Collinsburg, PA School Bus And Train Collision, Sep 1952




Monessen, Pa. - RONALD SAYKA, 17, became the latest victim of a school bus-train collision which has already taken three lives, when he died early this morning of a skull fracture in Westmoreland Hospital, Greensburg.

Monessen, Sept. 17 (AP) - Three high school girls were killed today and 47 other pupils injured by a freight train which slammed into the rear of their school bus and turned it into crumpled junk.
Fifteen of the injured boys and girls are in a serious condition.
Killed were JANICE EVERETT, 17, a senior; NORMA BERGMAN, 15, and LEOLA BRADLEY, 14. JANICE and LEOLA lived in Collinsburg within sight of the crossing. NORMA lived in nearby West Newton.
Bus driver EDWARD STEINER, 23, was taken into custody for questioning. He was a victim of shock.
Only an inch or two made the difference between disaster and safety.
The bus was bound for the Rostraver Township (Westmoreland County) High School. It stopped at Collinsburg to pick up 20 pupils and proceeded on its way with 55 passengers.
At the foot of a steep hill, the bus nosed onto the crossing. The oncoming train apparently was hidden by a curve.
Suddenly, the injured pupils said a shrill scream rang out. Startled pupils looked up to see the big, round end of the locomotive bearing down on them.
The train caught the bus by the bumper, slammed it around and then dragged it 50 feet. Bus engine and wheels were torn off and the body of the bus was ripped from the chassis. The doors and windows looked as though they had been slashed by a giant can opener.
Mrs. J. W. McCauley, wife of a West Newton funeral director who drove an ambulance to the scene, called the crash, "the most horrible thing I've ever seen."
The bus driver said he had stopped at the crossing but heard no whistle.
Said Mrs. McCauley:
"There were injured school children
all around. Nearly all were unconscious. Shoes, clothing and books were scattered all over."
The injured children were taken to different hospitals in Mr. Pleasant, Greensburg, Monessen and Pittsburgh. One of the dead girls was wrongly identified, an error which took hours to straighten out.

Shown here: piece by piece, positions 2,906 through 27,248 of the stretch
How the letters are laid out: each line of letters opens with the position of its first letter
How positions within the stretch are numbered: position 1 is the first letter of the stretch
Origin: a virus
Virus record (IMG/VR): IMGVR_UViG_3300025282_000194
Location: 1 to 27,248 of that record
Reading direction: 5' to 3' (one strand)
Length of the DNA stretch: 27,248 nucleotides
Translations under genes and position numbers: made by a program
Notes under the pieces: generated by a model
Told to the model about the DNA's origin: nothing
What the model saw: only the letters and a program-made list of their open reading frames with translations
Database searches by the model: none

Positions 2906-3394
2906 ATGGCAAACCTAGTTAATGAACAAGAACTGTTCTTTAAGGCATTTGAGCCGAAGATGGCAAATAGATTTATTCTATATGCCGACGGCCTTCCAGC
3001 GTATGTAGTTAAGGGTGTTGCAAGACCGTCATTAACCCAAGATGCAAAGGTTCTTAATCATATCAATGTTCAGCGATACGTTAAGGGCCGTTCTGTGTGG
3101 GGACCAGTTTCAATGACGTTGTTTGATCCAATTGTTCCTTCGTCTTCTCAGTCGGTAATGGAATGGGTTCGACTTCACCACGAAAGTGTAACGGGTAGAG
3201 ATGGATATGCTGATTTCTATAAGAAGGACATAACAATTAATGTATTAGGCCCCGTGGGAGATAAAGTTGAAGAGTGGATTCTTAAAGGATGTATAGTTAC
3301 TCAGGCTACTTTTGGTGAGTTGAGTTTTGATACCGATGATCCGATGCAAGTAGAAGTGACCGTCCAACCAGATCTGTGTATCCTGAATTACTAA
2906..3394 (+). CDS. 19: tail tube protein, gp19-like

JOYCE GREENWOOD, 15, of West Newton, was credited with a heroine's role. Other pupils said she helped several children get out of the wreck although she had suffered cuts and bruises herself. JOYCE said: "Someone in the back screamed. We didn't hear the train at all."
"Someone screamed and I saw the big, round front of the train almost on top of us. I threw myself under a seat and just got bumped."
State police asked police in West Newton to arrest the bus driver, an employee of Doernte Bus Lines. He was lodged in jail for investigation but no charges were filed immediately.
The father of one of the injured pupils said he heard the train whistle from his nearby home. He is W. E. Barkstrom an extra engineer for the Pittsburgh and Lake Erie Railroad. Barkstrom said he was lying down when he heard the whistle and remarked to his wife: "There goes Goldsboro."
He said he referred to F. M. Goldsboro, engineer of the train.
Chief Dispatcher W. I. Otto of the railroad also said Goldsboro sounded his whistle and did not see the bus until he was two car lengths away. He was reported to be going about 30 miles an hour.
The train, bound from McKees Rocks to Connelsville, did not leave the tracks. But the hurtling bus knocked down communication lines and kept the railroad from getting any information on the crash for hours. Several residents turned out with blankets, sheets, coffee and first aid supplies.
Most of the injured suffered broken arms or legs and head injuries. All are expected to recover.

Bedford Gazette Pennsylvania 1952-09-18